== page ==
I understand that you are anxious, really I do. The problem is that the solution you have arrived at to assuage your anxiety has nothing to do with the cause of your anxiety. You feel out of control and that is an uncomfortable feeling. I understand. There is nothing about stockpiling anything that is going to really cause you to regain control. You won’t feel you are in control until things have returned to normal. In all likelihood that is months away, long after safer at home orders have been lifted. By then you won’t be able to leave your house because you will have trapped yourself behind a pyramid of ass wipe and struggle to get to the door.
Get some help. Now.
I know these people, really nice people, but dumb as a box of rocks. They are really concerned about keeping their toddler, who they still take to daycare despite not really needing to, away from other people. Except the daycare people and kids, and various members of pregnant couples they have had over to the house to give away some of their baby stuff they no longer need. Then there are his fishing trips in a canoe with his buddy. Oh, and don’t forget the occasional friend that drops by “just because.”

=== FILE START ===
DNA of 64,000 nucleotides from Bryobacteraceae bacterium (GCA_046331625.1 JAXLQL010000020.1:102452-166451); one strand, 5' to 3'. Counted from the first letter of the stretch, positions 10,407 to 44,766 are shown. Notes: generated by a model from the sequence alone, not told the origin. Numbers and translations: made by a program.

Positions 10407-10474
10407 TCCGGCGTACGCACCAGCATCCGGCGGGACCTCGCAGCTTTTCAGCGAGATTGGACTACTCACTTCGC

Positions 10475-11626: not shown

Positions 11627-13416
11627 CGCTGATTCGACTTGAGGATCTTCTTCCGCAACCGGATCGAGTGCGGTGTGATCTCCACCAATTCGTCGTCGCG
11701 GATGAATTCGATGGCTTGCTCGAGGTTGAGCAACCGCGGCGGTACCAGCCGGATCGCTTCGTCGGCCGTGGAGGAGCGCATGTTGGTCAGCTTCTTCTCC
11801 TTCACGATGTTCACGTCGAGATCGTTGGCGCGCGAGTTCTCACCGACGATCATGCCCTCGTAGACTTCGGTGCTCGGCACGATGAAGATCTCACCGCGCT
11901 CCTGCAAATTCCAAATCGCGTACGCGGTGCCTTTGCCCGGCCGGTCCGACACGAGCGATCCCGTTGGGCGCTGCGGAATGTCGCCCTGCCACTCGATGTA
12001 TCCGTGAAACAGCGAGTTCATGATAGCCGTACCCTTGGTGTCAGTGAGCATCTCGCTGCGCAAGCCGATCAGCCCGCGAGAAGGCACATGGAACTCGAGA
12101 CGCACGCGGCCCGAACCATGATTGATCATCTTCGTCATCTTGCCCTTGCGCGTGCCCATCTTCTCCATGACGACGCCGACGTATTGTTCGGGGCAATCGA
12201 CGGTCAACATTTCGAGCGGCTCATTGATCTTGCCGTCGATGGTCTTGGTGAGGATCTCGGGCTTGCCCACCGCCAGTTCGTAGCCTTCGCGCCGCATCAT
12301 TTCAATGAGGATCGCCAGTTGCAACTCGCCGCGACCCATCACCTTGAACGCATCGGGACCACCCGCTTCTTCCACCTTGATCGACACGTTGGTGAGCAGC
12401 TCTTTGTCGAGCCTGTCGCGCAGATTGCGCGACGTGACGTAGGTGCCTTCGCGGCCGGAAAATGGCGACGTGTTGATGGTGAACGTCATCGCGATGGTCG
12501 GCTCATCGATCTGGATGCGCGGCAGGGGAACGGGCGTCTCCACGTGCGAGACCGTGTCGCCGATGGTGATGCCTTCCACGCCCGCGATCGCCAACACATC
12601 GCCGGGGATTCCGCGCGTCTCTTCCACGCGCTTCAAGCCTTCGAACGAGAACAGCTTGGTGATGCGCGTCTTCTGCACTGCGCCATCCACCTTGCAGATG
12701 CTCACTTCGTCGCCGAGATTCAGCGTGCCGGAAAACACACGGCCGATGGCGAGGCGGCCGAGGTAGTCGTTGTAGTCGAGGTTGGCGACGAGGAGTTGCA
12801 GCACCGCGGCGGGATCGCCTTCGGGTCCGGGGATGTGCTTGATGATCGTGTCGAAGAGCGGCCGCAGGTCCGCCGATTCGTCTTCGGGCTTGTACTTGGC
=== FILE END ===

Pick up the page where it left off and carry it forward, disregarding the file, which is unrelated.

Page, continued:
That’s not social distancing, people. That’s the kind of stupidity that will delay the curve on this virus from flattening and put other people who are at risk in danger. That’s the kind of stupid shit you would expect from younger adults who haven’t figured out they aren’t invincible yet, but would hope they could see that this is serious. That’s the behavior that will kill your toddler’s grandmother just as surely as if you put a gun to her head and pull the trigger.
Our nation is being led by a bunch of fools who value their wealth over your life. Let that sink in for a minute. Profits motivate more than science, lies more that facts, hallucination more than reality. Ego rules the day, bluster is valued more than fact, and the very party that prattles on about states’ rights when it is convenient to them are not making noises, along with Faux News a.k.a. State TV, that they the cure may be worse than the disease and shut downs may well have to end after two weeks.
The truth is that an overwhelmed medical system and a skyrocketing absentee rate due to illness will cripple the economy as surely as anything else. We can allow businesses to reopen, but if there aren’t enough healthy people to work they will simply close again in a month- likely for much longer as they struggle to replace workers who will not return. Even for those with microscopic attention spans, limited ability to understand things that cannot be seen, and profound struggles with math, the impact of a forty percent or higher absentee rate is something that people should be able to comprehend – especially if they are wonderful, successful, terrific businessmen.